Oct 29, 2022 - Politics & Policy

Richmond's last Confederate statue can be removed, judge rules

The statue of Robert E. Lee is lowered during a removal on Sept. 8, 2021, in Richmond, Va. Photo: Alex Wong/Getty Images

The last Confederate monument in Richmond, Virginia, could soon be coming down following a judge's ruling.

Driving the news: A Virginia circuit court judge ruled this week that the city has the right to dismantle the statue of Ambrose P. Hill, which has stood over his remains since 1892, per the New York Times.

The big picture: More than two years after Richmond — the site of massive protests in 2020 following the murder of George Floyd — began its reckoning with Confederate iconography, legal battles over removing statues have continued.

  • Eleven Confederate statues in Richmond have been disassembled or pulled down by protesters since then, the Free Lance-Star reports.
  • But the removal of Hill's statue, a process that stalled because it's also his gravesite, would mark the end of Confederate statues dotted across the city that was the capital of the Confederacy during the Civil War.

Details: The general's remains will be reburied at a cemetery in Culpeper, according to the ruling.

  • The statue will be donated to the Black History Museum and Cultural Center of Virginia.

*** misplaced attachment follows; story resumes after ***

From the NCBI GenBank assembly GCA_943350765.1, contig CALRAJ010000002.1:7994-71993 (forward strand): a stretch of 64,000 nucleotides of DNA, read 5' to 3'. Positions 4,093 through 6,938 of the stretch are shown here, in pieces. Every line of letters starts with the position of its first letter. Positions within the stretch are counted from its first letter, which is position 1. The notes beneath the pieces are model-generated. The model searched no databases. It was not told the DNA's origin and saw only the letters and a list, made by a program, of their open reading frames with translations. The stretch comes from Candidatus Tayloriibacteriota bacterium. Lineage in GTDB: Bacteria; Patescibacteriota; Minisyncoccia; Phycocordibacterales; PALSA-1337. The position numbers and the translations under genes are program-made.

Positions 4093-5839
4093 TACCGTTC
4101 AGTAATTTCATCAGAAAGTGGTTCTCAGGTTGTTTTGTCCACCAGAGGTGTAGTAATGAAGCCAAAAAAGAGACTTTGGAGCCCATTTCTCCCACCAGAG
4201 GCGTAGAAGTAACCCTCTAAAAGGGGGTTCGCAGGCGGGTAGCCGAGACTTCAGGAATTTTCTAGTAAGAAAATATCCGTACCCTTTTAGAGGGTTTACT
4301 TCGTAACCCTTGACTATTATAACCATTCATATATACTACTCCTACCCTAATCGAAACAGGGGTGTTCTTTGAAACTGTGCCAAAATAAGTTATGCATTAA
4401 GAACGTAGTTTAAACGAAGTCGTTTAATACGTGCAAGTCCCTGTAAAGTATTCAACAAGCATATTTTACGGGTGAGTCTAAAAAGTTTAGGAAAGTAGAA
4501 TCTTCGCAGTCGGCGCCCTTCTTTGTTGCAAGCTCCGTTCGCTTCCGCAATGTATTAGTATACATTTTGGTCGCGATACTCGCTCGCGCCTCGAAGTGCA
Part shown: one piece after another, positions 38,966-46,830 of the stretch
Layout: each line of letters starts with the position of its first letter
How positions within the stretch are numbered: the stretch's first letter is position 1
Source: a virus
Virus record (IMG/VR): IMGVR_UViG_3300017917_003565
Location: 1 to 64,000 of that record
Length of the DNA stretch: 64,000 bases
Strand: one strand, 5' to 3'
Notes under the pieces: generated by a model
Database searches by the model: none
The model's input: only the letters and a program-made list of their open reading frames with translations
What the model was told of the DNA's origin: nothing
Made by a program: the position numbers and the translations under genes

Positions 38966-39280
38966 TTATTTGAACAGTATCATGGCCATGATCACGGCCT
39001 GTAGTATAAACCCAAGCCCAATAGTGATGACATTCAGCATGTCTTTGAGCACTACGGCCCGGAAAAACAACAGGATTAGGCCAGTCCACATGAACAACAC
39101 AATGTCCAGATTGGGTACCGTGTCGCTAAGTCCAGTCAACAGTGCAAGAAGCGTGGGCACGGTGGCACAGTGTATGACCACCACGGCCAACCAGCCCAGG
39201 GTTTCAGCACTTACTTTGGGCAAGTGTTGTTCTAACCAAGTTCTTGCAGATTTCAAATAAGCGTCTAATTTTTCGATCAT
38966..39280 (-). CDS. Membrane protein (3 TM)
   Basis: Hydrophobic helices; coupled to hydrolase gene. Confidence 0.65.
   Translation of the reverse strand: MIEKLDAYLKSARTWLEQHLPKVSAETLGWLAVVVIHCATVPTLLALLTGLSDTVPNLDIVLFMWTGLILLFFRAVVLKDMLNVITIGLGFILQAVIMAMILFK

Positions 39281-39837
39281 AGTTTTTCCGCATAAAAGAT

What they're saying: "This is the last stand for the Lost Cause in our city," Mayor Levar Stoney said regarding the post-Civil War movement by former Confederates to justify the Confederacy.

The other side: Those who wanted Hill's statue to remain in place argued that removing it would violate the state's Constitution by encroaching on the Legislature’s powers, per the Times.

  • They also argued that removing it defied agreements from the 19th century, including one that required the commonwealth to "faithfully guard" the monument, the Times reports.

Meanwhile, Hill’s indirect descendants did not object to removing the statue or reburying the remains. But they opposed the statue being donated to the museum, saying they only had the right to decide what to do with it.

  • However, Judge D. Eugene Cheek Sr. disagreed in his ruling last week, saying the statue couldn't belong to them because it never belonged to Hill himself.
  • Cheek added that Hill's descendants have the right to appeal, though the Hill family's lawyer told the Free Lance-Star that he was unsure if they would.
  • A decision to appeal Cheek's ruling would delay the statue being taken down.

Zoom out: The murder of George Floyd sparked the removal, relocation or renaming of at least 200 memorials in 2020, Axios' TuAnh Dam reports.

  • The following year, another 73 Confederate statues across the country were removed or renamed in the wake of protests against police violence and racism.
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